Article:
We have to be clear about the meaning we attach to the expression “national unity” and have no illusions about it. To anticipate that thirty million Canadians will walk hand in hand in harmonious conformity is an unrealistic expectation. National unity has never been a characteristic of our country. Canadian history has been marked from the beginning by tension and conflict between national, religious, language, ethnic or racial groups. The best we can hope for is to rediscover and foster that faculty of compromise which has made it possible for us in the past to reconcile our conflicting interests sufficiently to allow us to continue living productively and in relative peace.
To create the “new democracy” will require engaging both the heart and the head. The emotion demonstrated at the Montreal rally in October, 1995, must find continued expression and be nourished by a clear understanding of the structures and processes that stand in the way of creating a harmonious Canada. A sound knowledge base is essential to the dialogue between government and citizens which is needed to fashion a new direction for the country.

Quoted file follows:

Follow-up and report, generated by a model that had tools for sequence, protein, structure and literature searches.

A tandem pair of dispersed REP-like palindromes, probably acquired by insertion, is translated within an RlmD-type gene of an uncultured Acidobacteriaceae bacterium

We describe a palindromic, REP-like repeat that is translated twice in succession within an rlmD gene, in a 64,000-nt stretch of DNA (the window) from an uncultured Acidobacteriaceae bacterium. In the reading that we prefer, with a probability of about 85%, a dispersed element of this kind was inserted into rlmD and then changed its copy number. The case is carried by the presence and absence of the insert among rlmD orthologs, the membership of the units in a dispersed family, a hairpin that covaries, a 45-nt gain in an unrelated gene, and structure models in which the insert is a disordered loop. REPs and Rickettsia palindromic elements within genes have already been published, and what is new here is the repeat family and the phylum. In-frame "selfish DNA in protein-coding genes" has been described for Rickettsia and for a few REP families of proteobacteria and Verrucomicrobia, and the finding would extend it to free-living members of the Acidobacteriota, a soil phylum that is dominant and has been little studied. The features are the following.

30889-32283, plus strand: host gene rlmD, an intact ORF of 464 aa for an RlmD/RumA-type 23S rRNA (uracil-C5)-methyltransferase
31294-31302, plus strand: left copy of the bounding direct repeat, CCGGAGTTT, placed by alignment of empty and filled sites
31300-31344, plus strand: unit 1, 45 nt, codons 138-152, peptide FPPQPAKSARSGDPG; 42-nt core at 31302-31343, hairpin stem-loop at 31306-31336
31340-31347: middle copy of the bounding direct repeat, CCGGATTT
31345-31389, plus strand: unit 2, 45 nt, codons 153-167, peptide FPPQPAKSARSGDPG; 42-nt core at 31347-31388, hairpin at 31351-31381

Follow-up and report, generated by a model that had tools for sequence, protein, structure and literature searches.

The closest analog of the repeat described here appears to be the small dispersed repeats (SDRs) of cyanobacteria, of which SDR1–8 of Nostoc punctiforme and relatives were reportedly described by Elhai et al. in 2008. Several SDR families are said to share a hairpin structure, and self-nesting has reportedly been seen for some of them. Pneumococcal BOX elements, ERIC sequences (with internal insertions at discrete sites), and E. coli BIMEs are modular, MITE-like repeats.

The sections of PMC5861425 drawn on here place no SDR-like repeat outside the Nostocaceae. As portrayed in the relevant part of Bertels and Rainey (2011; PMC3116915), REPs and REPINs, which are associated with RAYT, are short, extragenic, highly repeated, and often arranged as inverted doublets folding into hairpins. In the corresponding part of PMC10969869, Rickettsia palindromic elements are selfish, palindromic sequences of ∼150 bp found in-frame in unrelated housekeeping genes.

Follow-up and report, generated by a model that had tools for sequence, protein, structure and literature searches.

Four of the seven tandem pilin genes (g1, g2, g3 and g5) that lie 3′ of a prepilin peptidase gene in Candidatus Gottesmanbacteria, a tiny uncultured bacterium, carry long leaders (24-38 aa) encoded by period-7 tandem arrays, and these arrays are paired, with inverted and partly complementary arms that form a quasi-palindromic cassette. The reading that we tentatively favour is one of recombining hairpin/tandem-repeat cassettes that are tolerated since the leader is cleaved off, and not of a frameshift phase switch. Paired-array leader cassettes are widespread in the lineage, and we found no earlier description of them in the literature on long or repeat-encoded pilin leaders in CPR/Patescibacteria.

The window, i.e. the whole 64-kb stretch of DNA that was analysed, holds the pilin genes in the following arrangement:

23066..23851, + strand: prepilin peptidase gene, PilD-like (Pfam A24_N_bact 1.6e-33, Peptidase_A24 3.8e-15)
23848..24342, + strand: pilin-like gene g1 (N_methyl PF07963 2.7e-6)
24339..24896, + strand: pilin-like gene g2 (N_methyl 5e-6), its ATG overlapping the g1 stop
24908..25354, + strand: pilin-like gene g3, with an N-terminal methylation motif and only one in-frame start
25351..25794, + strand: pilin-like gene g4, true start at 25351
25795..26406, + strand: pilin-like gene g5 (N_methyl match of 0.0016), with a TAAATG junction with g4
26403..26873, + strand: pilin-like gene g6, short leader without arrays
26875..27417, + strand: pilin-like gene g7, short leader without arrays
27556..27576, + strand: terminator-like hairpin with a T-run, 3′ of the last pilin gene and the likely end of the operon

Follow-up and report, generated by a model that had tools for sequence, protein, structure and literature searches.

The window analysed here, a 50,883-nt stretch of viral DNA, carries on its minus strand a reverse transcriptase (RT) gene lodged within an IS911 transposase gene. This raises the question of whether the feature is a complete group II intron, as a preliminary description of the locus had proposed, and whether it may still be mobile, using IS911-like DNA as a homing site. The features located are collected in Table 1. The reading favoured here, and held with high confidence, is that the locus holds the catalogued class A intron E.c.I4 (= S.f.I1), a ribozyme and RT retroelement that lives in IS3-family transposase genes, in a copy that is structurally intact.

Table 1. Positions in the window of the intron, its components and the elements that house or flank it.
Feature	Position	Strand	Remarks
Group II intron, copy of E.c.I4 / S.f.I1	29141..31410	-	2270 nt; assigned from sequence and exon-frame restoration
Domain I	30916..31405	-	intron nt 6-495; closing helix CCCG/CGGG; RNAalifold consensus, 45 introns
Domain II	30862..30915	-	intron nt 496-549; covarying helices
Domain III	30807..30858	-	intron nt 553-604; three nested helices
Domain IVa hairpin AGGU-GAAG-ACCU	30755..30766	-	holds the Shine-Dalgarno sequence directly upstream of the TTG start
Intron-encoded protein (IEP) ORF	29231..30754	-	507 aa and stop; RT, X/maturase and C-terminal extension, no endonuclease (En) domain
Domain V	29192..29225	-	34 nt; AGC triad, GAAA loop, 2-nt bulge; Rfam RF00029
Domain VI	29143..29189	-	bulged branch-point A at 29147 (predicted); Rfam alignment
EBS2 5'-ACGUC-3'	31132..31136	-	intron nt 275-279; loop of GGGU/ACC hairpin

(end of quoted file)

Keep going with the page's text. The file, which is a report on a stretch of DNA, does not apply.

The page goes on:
In the process of reconciling its past differences, Canada has created what is internationally recognized as one of the most successful democracies in the world. In order to move forward and maintain this reputation, the specific nature of our present differences need to be identified and clearly articulated so that they can be widely understood. This is a prerequisite to the reasonable dialogue needed to produce a Canadian federation within which all Canadians, anglophone, francophone and Aboriginal, can continue to live in harmony. It presents a challenge that will call for all the imagination and commitment we can muster.